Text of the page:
The Incredible Story of One Woman’s Journey to Her First Ironman at Age 61
Not many people think about entering an Ironman competition when they’re in their 60s. But Anne Parkhurst was up for the challenge. If you’re not familiar with an Ironman, it’s this: swim for 2.4 miles, bike for 112 miles, and run for 26.2 miles. Yes, you read that right. And Anne did it all for the first time ever when she was 61! POPSUGAR caught up with Anne to hear about her incredible accomplishment. Read on for her inspiring story.
POPSUGAR: Why did you start your journey to train for an Ironman competition? What made you decide to do it?
Anne Parkhurst: At first, I didn’t know I was training for an Ironman. I was 56 and almost 200 pounds with some health issues. My parents both became very ill at the same time. I was under a lot of stress and exhausted all the time. Everyone told me I should take care of myself first, and antidepressants were mentioned. Instead of pills, I went on a diet and exercise program.
My doctor cautioned me that I was doing the same exercise every day and that I should cross-train. It was his idea to train for a “sprint” triathlon, which, at the time, I didn’t even know existed. By the end of 2013, I did my first mini sprint, had lost most of my weight, and was down to 140 pounds. After that, the thought occurred to me that I might be able to do an Ironman someday. I was going to do a half-Ironman in 2015, but I injured my knee and couldn’t do it, so I did it in 2016. I saw Beachbody’s “Make Me an Ironman” contest. I entered the contest, and I was selected along with five other people!
PS: How did you see your body transform while training?
AP: I was warned when I started this training that I would not lose weight. You have to take in too many calories to maintain the level of activity training for Ironman requires. Having said that, I was about 140 pounds when I started and 140 pounds when I completed my Ironman. So I maintained my weight, felt great, and have legs of steel! Even though I am 61, I wear short dresses and shorts whenever I can!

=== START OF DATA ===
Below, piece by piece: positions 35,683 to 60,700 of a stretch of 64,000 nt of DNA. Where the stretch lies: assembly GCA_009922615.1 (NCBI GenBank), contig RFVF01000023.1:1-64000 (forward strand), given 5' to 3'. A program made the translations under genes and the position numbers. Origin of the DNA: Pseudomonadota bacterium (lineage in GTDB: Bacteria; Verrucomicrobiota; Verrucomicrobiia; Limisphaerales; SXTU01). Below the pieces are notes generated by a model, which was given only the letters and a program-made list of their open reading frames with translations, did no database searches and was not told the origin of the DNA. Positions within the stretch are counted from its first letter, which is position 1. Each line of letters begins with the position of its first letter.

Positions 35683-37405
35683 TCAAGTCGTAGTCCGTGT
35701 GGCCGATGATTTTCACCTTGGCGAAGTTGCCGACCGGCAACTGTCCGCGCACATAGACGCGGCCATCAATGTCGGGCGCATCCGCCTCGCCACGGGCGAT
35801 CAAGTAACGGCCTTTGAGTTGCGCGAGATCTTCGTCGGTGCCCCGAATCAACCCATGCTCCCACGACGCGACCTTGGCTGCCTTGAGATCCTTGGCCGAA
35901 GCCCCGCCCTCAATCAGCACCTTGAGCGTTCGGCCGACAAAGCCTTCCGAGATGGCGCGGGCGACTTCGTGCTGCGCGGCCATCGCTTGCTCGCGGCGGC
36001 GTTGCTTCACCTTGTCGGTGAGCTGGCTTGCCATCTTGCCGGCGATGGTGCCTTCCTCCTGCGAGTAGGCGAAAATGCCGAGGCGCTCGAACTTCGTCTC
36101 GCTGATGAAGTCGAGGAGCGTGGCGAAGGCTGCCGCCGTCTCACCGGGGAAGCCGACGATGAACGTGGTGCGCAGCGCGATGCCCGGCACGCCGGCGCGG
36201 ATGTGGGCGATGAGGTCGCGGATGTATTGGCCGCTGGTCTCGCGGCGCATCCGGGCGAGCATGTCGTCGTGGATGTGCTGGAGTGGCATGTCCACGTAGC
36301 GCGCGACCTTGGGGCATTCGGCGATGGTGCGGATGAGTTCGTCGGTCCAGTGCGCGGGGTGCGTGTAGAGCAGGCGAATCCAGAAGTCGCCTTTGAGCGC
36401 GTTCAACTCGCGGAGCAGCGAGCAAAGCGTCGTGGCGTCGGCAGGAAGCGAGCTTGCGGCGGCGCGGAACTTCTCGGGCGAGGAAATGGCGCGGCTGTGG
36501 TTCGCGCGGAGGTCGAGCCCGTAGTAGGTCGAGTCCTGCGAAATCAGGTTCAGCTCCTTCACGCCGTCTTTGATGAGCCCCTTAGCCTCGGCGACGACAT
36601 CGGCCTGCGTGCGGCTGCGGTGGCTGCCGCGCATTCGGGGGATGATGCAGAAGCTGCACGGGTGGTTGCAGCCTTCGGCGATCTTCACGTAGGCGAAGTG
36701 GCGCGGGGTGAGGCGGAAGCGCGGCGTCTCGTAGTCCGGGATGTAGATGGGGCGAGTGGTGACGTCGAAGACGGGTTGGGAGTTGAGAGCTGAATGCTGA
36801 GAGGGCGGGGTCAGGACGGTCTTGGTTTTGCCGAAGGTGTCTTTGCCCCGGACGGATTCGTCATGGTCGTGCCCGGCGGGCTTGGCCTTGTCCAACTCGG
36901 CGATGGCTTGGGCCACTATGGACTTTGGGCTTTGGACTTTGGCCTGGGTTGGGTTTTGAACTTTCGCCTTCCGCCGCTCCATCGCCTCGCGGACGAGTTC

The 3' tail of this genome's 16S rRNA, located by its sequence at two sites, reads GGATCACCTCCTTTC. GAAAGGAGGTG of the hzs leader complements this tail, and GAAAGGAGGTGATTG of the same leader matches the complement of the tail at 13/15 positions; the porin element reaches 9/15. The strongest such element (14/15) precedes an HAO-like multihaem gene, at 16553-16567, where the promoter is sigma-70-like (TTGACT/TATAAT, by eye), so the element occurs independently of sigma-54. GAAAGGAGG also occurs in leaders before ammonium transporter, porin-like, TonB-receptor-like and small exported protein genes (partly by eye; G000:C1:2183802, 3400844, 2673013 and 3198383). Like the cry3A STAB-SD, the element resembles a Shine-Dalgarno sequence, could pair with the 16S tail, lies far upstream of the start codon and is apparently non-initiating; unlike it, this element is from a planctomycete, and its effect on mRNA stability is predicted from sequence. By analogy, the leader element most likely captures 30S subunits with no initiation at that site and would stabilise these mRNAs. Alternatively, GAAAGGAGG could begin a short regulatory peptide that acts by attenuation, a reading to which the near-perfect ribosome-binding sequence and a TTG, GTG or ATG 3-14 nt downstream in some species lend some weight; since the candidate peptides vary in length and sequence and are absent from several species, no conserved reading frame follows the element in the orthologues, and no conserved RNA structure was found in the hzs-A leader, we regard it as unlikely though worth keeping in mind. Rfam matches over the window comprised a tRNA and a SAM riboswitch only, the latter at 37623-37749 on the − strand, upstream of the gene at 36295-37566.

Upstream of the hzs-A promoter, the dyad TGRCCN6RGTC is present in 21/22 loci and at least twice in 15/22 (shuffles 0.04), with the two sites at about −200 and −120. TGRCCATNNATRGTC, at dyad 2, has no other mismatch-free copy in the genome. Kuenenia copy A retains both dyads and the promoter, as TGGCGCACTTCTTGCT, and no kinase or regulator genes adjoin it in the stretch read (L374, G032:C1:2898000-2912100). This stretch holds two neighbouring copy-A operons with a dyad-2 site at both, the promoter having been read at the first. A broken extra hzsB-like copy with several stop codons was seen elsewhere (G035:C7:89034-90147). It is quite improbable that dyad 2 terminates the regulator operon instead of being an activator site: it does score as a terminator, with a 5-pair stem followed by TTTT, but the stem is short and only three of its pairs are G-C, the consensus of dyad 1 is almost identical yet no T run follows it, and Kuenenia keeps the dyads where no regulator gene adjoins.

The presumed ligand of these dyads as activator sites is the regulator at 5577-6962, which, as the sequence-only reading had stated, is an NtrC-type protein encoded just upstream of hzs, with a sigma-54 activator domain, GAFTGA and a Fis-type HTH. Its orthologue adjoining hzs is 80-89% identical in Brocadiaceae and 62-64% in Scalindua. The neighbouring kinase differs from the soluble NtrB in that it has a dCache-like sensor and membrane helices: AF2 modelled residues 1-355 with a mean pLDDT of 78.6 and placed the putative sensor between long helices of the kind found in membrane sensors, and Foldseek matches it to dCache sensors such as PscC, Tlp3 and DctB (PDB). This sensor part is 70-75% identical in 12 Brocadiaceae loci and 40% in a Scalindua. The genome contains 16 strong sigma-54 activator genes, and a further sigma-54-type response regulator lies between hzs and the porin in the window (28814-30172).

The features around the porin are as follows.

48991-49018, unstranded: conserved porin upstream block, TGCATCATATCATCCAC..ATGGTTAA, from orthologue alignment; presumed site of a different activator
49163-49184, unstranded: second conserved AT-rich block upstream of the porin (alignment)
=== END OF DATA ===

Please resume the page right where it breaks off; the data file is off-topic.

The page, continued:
“I maintained my weight, felt great, and have legs of steel! Even though I am 61, I wear short dresses and shorts whenever I can!”
PS: What motivated you to keep training during times when you didn’t feel like it?
AP: I’m a goal-oriented person, so once the goal was set, I was going to do everything I could to get there. Of course, having sponsors was also motivating because I didn’t want to let them down. I was getting the best of everything, from Beachbody supplements to coaching to a great bike. I felt I was being set up for success. Also, due to an age-related degenerative knee issue, if I didn’t do it while I had this chance, I probably would not be able to do it again. Failure was not an option!
PS: How many hours were you training per week on average?
AP: I was training about 15 hours a week.
PS: Did you follow a specific diet while training?
AP: I didn’t have a special diet. Because I had to take in so many calories training, I did try to keep it lean and high fiber. For breads and pasta, I kept it multigrain or whole wheat. I tried to eat all my carbs during my training window. So if I worked out in the morning, I would get my carbs in the morning and stick to veggies and lean meat in the evening. During workouts, over time, my coach and I developed a nutrition strategy to help me get through the long day of Ironman. That involved a hydration strategy and 100 calories of mainly carbs every 30 minutes.